McCutcheon certainly could have found another place to finish his career. But he stuck out playing for his hometown squad. And now he’s reaping the rewards. 

“It’s a real testament to who he is,” Choate said. “Loyal. Local kid. Definitely gifted and has some talent. But didn’t get discouraged by the lack of targets early in his career. 

“I always like to tell those guys, make the long run. Don’t get frustrated. If you are in the right place, there’s value in what you are doing so keep working and it’s going to work out. Lance is a great example of that.”

McCutcheon had a breakout senior season in high school reminiscent of the one he is building currently. Back in 2016, he earned first-team all-state honors on both sides of the ball. He caught 40 passes for 780 yards and 12 touchdowns, all from current Bobcat junior starting inside linebackers Callahan O’Reilly, who originally came to MSU out of Bozeman High as a quarterback. 

Defensively, McCutcheon snared a Bozeman High record 10 interceptions. He was also a standout basketball player, excelling particularly well as a rebounder and scoring at the rim. 

“I’m not one bit surprised he was an outstanding rebounder, because ultimately, it’s about high-pointing the football and some guys have it and some guys don’t,” MSU offensive coordinator Taylor Housewright said. “Timing that up, having the body control, having the explosion to go and get it, that all comes from his rebounding ability.”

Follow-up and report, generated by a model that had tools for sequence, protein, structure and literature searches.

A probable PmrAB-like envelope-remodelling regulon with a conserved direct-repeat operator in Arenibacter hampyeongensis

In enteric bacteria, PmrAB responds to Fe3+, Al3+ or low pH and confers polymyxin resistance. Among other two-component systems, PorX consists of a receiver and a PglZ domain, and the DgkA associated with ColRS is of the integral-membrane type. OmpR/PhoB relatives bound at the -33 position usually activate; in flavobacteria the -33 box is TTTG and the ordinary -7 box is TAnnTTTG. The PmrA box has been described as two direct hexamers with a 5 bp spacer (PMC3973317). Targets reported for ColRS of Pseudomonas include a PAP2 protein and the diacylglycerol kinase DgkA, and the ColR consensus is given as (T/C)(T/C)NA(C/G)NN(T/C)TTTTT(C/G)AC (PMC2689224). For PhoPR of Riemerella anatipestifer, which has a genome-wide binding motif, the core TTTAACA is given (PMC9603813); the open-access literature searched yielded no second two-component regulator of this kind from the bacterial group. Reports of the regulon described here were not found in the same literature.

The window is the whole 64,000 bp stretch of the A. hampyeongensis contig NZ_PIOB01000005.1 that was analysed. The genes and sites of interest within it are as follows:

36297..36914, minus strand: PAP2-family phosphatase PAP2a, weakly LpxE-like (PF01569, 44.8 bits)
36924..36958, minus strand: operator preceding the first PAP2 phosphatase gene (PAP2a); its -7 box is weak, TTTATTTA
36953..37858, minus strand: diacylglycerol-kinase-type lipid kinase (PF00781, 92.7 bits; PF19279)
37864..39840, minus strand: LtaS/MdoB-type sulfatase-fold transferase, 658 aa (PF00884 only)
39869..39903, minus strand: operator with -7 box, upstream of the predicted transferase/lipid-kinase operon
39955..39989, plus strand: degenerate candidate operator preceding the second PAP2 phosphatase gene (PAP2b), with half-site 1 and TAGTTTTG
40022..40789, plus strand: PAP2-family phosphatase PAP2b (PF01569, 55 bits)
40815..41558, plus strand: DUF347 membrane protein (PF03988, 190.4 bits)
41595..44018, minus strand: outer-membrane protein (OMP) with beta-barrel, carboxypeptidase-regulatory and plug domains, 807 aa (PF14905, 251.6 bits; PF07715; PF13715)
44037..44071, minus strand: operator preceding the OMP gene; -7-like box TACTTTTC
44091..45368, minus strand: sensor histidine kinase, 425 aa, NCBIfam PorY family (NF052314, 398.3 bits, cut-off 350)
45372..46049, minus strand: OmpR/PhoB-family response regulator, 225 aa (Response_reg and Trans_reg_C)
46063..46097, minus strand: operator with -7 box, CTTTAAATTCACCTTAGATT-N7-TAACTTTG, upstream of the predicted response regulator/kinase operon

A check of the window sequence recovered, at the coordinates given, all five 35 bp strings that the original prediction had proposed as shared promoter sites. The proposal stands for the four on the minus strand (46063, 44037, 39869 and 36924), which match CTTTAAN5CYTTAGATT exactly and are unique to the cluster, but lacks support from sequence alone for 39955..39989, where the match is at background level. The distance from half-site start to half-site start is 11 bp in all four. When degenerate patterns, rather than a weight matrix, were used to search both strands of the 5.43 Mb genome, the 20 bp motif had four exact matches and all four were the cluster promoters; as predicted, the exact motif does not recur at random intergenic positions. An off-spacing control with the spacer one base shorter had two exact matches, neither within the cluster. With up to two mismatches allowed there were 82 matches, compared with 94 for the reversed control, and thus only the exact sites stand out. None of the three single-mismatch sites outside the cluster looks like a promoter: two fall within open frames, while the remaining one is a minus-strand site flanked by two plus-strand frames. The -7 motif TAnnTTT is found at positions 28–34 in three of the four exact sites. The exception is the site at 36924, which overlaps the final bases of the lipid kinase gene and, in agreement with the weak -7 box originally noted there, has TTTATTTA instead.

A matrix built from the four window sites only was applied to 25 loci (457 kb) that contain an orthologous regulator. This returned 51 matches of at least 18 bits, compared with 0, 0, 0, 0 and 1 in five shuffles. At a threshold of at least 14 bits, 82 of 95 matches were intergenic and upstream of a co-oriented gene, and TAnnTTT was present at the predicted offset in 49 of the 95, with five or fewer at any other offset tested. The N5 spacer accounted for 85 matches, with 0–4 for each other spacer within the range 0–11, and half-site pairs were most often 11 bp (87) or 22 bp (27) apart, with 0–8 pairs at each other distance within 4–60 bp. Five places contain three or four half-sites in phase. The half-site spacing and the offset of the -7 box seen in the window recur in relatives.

When Housewright and Udy first started working with McCutcheon, each coach realized they had a special talent that had only scratched the surface of his abilities. The upstart coaches simply had to harness that unbridled potential. 

Montana State wide receiver Lance McCutcheon (86) catches a touchdown during fall camp in 2018/by Brooks Nuanez

“I don’t coach anybody harder than I coach Lance McCutcheon,” Udy said. “And he knows that. The best players on your team need to be the guys who are coached the hardest. 

“We are going to need him all the way through if we’re going to accomplish the goals that we want to accomplish. He’s handled that pressure as well as any other player that I’ve ever been around.”

Since Montana State’s most recent playoff run ended for the second consecutive year in Fargo against North Dakota State, McCutcheon has spent countless extra hours “on the jugs machine catching as many footballs as I possibly can.” He has set a goal to catch 100 balls a day.